In reply to an earlier post on 29 Aug 2012 08:25:58 BDT
carocaro says:
hi gille, One of 58 says, I enjoy the digressions and interaction too mainly but also occasionally pick up an idea for reading material. Or I've read something good and see someone after something similar...trouble is not so many read my chosen genres or won't admit to it;-)
Still I post good and warn of awful if really awful.
I haven't read books linked to musicals M.Dowden bar Oliver/Oliver Twist. However, seen many musicals and enjoyed on stage and screen. Best stage one I thought I'd hate but loved it was The Lion King. Acting and costume are superb. Screen, I enjoyed Bedknobs and Broomsticks too. Go on gille spill:)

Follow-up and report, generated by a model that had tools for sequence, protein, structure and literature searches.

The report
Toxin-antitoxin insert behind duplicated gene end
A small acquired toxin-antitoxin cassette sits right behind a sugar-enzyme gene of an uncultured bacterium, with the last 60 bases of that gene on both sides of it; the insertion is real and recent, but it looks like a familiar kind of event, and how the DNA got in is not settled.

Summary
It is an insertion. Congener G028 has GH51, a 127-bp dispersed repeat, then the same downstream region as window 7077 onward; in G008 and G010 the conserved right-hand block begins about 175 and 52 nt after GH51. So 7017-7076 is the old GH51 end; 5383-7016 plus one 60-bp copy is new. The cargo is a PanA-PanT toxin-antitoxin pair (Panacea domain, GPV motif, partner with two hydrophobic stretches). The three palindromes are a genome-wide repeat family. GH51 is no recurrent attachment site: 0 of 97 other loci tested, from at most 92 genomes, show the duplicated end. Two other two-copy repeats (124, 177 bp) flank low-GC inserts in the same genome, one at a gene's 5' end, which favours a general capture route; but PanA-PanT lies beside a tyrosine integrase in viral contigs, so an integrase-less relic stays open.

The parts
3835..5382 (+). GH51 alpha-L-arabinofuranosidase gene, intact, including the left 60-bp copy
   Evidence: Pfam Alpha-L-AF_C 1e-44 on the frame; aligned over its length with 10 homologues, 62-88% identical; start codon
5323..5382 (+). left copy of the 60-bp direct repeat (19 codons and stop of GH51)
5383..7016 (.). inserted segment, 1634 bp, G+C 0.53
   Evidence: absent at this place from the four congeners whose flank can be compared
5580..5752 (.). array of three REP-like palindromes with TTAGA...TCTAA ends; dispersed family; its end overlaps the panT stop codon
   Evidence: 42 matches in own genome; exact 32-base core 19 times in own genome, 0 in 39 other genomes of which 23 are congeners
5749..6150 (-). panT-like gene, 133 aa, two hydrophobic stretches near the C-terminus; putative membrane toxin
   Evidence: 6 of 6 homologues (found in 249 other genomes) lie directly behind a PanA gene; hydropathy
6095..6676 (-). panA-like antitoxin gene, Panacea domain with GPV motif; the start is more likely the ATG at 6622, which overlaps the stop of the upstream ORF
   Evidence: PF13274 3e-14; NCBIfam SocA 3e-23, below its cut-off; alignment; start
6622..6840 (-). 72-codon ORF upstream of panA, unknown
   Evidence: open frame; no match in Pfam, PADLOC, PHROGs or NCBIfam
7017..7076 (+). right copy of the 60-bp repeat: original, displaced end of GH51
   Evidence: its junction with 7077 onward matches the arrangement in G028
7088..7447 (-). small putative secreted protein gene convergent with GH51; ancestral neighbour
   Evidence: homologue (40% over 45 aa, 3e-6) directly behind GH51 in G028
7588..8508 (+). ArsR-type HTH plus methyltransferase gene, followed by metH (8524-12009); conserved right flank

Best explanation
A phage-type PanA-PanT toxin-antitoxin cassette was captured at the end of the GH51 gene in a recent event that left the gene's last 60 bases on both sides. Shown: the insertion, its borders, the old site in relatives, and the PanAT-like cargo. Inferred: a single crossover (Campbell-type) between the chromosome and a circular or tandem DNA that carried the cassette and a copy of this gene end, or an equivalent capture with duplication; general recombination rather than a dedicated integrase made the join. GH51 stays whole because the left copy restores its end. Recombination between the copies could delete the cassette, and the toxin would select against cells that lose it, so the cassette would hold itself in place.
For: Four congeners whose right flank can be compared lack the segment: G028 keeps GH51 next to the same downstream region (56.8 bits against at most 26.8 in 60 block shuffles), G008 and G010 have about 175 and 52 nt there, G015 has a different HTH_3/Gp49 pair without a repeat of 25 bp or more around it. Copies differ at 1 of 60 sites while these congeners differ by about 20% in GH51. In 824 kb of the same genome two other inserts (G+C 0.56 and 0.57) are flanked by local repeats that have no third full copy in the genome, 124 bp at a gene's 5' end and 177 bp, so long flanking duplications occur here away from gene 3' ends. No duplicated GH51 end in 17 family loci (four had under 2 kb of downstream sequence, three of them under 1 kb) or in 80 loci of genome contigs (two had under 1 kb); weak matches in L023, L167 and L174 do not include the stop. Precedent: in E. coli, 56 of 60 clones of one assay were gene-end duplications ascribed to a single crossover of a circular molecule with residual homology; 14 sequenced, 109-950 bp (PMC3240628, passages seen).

Posted on 28 Aug 2012 23:30:07 BDT
M. Dowden says:
sparkle1, it is really good. I must admit my favourite is probably Bedknobs and Broomsticks, but I have never read the book.

In reply to an earlier post on 28 Aug 2012 22:38:12 BDT
sparkle1 says:
I've never seen The Wizard of Oz.

In reply to an earlier post on 28 Aug 2012 22:20:25 BDT
gille liath says:
That did occur to me after posting - alas, too late...

To try and redeem the situation: generally speaking I do hate musicals, but there are a few I liked as a kid and haven't grown out of. I'd better not say which ones - it would only make things worse.

Posted on 28 Aug 2012 22:17:49 BDT
M. Dowden says:
I've got The Wizard of Oz, but I must admit that it hasn't got any illustrations. I love the film though, more than the book. Should I say that being a man? If you admit to liking a musical someone always thinks you must be that way inclined. : )

In reply to an earlier post on 28 Aug 2012 21:59:55 BDT
Last edited by the author on 28 Aug 2012 22:21:09 BDT
gille liath says: